Do you volunteer because of your work, or not? And what do you do for a career?

Yes, my volunteer work and career are connected by a similar passion for achieving social justice and equality.

Until this past December, I worked with Equality California, the largest LGBT organization in the state, where I was proud of the way we advanced equality for all Californians.

Recently, a new opportunity opened up for me. I now have the privilege of working with an amazing non-profit organization in San Diego that has led the region for the past 32 years in confronting the unjust consequences of toxic pollution, discriminatory land use, and unsustainable energy: Environmental Health Coalition (EHC).

At EHC I serve as the development director and my key responsibility is helping the organization stay financially sustainable by cultivating meaningful relationships with our donors, funders, and community members.

EHC has a very rewarding work environment and I’m happy to work alongside local San Diego heroes like our executive director, Diane Takvorian, as we strive together to empower leaders and organize communities to foster a healthy, just, and sustainable quality of life in San Diego.

What is something that many people do not know about you?

Many people don't know that I can be very sensitive; although my close friends love to tease me over it. I can shed tears over things that might seem small, but loom large in my view of the world.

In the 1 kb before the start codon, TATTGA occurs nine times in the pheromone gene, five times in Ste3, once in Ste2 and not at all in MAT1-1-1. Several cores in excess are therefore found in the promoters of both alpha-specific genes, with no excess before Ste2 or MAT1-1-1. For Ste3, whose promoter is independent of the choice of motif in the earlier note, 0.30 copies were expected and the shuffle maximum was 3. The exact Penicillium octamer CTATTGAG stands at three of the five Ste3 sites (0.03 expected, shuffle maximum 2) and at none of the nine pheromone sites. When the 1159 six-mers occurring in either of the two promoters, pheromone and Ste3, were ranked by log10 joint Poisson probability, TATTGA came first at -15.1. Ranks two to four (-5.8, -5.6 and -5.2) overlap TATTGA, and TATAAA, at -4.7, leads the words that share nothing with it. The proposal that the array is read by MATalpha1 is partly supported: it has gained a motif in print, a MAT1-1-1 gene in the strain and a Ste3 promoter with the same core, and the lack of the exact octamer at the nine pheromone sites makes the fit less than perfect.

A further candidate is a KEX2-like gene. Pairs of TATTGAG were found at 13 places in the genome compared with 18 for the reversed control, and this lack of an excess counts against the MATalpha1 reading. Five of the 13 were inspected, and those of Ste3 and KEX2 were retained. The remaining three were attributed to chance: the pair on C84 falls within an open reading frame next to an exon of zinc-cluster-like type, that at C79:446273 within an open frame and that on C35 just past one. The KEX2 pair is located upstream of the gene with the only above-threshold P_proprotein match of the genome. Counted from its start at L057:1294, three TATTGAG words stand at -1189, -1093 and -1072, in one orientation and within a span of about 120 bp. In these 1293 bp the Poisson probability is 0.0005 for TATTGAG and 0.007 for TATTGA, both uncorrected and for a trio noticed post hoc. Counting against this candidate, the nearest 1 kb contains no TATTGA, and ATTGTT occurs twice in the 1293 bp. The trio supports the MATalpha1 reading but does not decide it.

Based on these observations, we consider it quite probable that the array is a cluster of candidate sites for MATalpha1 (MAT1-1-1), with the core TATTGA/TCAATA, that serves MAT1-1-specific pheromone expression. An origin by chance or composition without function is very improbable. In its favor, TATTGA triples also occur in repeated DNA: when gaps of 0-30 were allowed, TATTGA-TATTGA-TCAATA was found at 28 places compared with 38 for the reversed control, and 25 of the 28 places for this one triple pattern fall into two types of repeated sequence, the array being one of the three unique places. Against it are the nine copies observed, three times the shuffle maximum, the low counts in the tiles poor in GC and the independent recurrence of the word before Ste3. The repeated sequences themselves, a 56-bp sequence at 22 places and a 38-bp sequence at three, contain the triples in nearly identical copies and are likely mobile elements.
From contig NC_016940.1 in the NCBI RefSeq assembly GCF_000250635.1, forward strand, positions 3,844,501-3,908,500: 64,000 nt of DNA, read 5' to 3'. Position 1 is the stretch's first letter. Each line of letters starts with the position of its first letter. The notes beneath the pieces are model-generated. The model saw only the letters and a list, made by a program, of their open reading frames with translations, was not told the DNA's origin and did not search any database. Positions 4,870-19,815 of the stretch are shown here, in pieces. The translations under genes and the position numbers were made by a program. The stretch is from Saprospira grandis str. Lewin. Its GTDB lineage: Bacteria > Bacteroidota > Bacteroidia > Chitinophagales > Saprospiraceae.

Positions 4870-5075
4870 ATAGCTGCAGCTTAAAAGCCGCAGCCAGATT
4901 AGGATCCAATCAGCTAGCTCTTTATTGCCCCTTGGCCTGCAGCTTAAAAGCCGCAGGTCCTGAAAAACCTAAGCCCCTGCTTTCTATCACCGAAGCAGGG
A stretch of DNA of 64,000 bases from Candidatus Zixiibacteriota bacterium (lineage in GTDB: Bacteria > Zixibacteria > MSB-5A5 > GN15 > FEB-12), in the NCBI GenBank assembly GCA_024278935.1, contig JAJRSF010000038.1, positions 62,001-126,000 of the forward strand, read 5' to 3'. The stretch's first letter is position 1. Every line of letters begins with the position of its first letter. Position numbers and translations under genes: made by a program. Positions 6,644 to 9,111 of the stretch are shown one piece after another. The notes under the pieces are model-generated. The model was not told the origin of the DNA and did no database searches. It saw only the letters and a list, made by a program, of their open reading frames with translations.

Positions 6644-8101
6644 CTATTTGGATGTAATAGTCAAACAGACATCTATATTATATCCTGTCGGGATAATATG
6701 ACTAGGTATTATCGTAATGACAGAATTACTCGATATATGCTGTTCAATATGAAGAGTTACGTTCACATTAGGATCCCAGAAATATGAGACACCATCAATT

I enjoy being a confident leader, yet underneath I have a very tender heart—so please don’t poke it unless it’s for a good cause.

What would you like to see change in the LGBT community?

Rather than occupy a comparatively safe "silo" concerned only about issues that seem to have a direct impact, I would love to see the LGBT community come to feel as if it is part of a larger progressive majority focused on civil rights, social justice and equality for all.

This kind of true partnering with other communities strengthens our voices and unites our movements.

What do you like most about the local LGBT community?

The San Diego LGBT community functions not as separate institutions vying for the same audience, rather we work together as a true collaborative community. Our Community Leadership Council (CLC) is the prime example of this and it makes me proud of what we’ve accomplished together.

What sorts of things do you do to enrich your social life other than volunteering?

When I’m not working or volunteering (or even sometimes during), you can find me on Twitter and Facebook where I stay engaged with the politics of the day. If I’m able to turn off the iPhone, it probably means I’m traveling with Kyle. We love to travel and we visit other places as much as our lives allow.

If I’m not traveling or tweeting, then it’s my puppy Bailey and Rachel Maddow that keep me sane.

Note: If you or someone you know should be featured in an upcoming community profile, e-mail Ben Cartwright at ben@sdgln.com.

Left photo- Brandon and Kyle Tate-McWilliams with friends and family at their wedding reception last year.